Increase table turns and reduce walk-outs with NextME.
By Bianca Herron, Senior Editor at Knighthouse Media
Tired of losing guests due to long wait times? Thanks to a new app, called NextME, patrons no longer have to bother asking a frazzled host every few minutes if their table is ready. They can watch their progression in line right from their own phones, and stay engaged with access to menus, specials, and the restaurant’s social media page.
In 2015, brothers John and James Yi launched NextME to help restaurants with no advance reservation policies manage their customer wait times. NextME not only eliminates the need for customers to carry expensive and clunky pagers, but also makes life easier for hosts who won’t have to waste time yelling out customer names or trying to find wayward parties.
Many prominent Chicago-based restaurants, such as Lou Malnati’s Pizzeria, now use the app, as do international chains like Le Pain Quotidien. All restaurant operators have to do is download the NextME app from the app store, then sign up using the name of the business, business phone number and email. Currently, NextME supports iOS devices, including iPhone, iPad and iPad mini.
“Think of us as OpenTable for walk-in reservations as opposed to advance reservations,” CEO John Yi says. “We typically work with full-service restaurants like breakfast and brunch concepts who do not have a reservation policy. We built this mobile app for the host to use. It’s a pure B2B application for the host that replaces the pen and paper waitlist many restaurants still use today.”
Although some might think NextME is only a text message notification system, it’s so much more than that, according to Yi. “First, we text-notify a restaurant’s guest when their table is ready,” he explains. “When a diner is entered into our waitlist app, we send the diner a text message with a web link where they are one click away from checking their position in line.”
NextME also provides its restaurant partners with a mobile marketing page to display promotions, specials, and other branded messages to waiting patrons to help them pass time. “That’s one of our biggest differentiators,” Yi says. “We’re not only keeping diners engaged about their position in line during a long wait, but right underneath their position we also provide them with the restaurant’s menu to help increase table turns.”
Yi maintains that displaying digital menus to waiting patrons can increase table turns by two times. Restaurant partners can even include drink specials to upsell their bars, or boost their online presence by adding social media pages. “We’ve really innovated the process because, unlike other digital waitlists, we don’t require diners to download a separate app to check their positions in line,” Yi says. “Since we don’t have a diner-facing app, we’re not competing in the over-saturated consumer app space.”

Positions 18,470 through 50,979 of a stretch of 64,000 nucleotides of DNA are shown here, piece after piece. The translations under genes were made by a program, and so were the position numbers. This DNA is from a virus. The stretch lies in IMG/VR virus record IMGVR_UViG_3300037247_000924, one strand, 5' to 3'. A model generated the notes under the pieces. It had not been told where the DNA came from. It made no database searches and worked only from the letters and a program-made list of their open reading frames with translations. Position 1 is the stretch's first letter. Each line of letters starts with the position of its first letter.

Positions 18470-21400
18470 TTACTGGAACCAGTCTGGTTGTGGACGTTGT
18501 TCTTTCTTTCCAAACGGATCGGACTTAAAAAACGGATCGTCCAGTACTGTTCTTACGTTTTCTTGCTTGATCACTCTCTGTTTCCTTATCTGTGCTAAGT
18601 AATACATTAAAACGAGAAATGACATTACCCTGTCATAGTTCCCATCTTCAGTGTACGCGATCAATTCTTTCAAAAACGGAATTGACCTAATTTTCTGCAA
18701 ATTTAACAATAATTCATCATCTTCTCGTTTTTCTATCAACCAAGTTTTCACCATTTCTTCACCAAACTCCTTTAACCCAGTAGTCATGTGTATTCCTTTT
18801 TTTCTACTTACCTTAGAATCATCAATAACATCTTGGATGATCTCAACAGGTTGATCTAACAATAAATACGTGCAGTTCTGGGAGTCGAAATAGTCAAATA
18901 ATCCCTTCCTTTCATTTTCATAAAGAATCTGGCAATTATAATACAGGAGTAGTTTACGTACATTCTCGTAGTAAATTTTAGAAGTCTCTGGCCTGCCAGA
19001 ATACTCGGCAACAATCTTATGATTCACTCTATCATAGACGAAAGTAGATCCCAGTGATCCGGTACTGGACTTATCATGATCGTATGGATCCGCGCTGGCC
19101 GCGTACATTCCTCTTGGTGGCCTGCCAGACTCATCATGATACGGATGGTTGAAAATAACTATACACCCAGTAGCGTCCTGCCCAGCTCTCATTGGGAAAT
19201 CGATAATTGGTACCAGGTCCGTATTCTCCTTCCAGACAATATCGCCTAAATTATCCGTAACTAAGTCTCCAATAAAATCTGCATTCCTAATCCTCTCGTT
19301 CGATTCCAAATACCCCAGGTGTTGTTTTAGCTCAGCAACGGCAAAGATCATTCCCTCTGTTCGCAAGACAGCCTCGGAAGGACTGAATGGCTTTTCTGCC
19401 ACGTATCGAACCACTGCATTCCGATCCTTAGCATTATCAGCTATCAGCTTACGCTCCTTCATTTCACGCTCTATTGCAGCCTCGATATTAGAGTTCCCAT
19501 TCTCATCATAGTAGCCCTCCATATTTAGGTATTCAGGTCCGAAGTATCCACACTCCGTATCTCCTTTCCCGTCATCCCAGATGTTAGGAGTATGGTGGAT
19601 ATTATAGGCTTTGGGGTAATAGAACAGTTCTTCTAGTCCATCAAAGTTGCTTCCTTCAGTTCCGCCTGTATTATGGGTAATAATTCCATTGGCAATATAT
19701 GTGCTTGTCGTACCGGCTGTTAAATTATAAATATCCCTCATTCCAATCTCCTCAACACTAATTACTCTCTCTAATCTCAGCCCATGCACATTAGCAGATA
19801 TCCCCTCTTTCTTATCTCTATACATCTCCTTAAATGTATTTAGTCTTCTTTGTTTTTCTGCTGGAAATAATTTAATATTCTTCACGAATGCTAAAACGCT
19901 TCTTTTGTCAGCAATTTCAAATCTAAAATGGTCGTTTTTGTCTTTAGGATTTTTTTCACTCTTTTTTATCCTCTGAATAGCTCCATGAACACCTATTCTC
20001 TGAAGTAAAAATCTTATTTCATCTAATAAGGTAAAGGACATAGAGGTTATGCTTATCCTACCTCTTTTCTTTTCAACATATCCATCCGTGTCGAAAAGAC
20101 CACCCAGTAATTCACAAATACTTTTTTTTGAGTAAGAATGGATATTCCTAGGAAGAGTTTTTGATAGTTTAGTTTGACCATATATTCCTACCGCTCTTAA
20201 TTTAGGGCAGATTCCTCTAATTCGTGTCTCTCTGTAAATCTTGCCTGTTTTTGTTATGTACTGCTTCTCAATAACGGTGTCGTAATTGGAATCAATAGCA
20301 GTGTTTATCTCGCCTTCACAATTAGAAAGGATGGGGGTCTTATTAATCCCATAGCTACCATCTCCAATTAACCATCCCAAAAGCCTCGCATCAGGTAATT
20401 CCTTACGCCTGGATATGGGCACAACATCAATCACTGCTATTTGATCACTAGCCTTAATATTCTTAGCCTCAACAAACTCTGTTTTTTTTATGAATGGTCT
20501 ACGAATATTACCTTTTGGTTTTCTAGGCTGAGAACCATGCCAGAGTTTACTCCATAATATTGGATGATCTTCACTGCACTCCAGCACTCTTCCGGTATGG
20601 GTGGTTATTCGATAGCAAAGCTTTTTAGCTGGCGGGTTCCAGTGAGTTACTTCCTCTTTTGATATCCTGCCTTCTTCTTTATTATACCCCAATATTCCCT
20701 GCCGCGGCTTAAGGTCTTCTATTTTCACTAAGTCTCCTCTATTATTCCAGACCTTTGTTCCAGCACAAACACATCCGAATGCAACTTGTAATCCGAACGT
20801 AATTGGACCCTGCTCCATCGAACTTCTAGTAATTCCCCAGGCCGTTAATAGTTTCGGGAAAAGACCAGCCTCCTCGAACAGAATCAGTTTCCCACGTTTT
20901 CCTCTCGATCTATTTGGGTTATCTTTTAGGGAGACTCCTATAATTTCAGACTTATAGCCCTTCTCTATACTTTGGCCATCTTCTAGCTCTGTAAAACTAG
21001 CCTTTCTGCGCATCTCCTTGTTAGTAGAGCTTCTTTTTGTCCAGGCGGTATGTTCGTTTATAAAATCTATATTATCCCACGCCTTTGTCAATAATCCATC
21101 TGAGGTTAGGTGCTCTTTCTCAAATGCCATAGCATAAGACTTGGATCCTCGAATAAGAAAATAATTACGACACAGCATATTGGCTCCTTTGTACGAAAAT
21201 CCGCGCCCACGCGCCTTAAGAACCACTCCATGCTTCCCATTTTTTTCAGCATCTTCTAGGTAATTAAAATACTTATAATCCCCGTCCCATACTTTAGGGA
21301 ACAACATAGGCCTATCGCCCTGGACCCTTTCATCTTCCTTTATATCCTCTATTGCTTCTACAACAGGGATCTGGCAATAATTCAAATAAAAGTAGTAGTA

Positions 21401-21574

This is a big bonus for restaurants concerned about guest buy-in, he adds, which makes it easy to increase customer engagement and leads to a “more pleasant” experience all the way around. “We just use SMS text and a web link that allows restaurants to easily market themselves on our mobile platform,” Yi explains. “In addition to marketing their social media pages and menus, restaurants can also market their own apps.”
Ultimately, NextME is taking the guessing game out of waiting. “We built this app to help restaurants and their staff manage wait times more efficiently,” Yi says. “Not only are we significantly enhancing the customer experience, we’re also improving our restaurant partners’ operations.”
NextME has been shown to reduce diner walkout rates by up to 25 percent during peak hours, Yi claims. “Often times when diners see lines out the door or receive a long wait time estimate, they walk out and leave,” he notes. How big is this problem? On average, restaurants using a traditional pen and paper waitlist have only about a 60 percent retention rate. That’s four of ten parties walking out the door, right off the bat. However, if you tell them you’re using NextME, which allows you to text them a simple web link through which they can track their wait time, they’re likely to stick around.
“Patrons can plan their evenings accordingly when they know the restaurant is using an app like ours,” he adds. “For example, they can chill at the bar without worrying about listening for a host shouting their names. It makes for a far more pleasant social visit, as they can concentrate on friends while checking their positions in line.”
As NextME moves forward, the Chicago-based app wants to be the leading source for the no-reservations dining experience. “We want to be the OpenTable for walk-in reservations as opposed to advanced reservations,” Yi explains. “We see a lot of trends in the restaurant space, especially popular restaurants that don’t have a reservation policy.
“For example, OpenTable still hasn’t found a clear solution to their no-show rate, which can sometimes make or break a restaurant if they’re holding down a table and the patron doesn’t show up,” Yi continues. “Using a walk-in reservation system like ours is a great compromise that saves restaurants the pain of dealing with no-shows, yet helps reduce the walk-out problem caused by no-reservation policies.”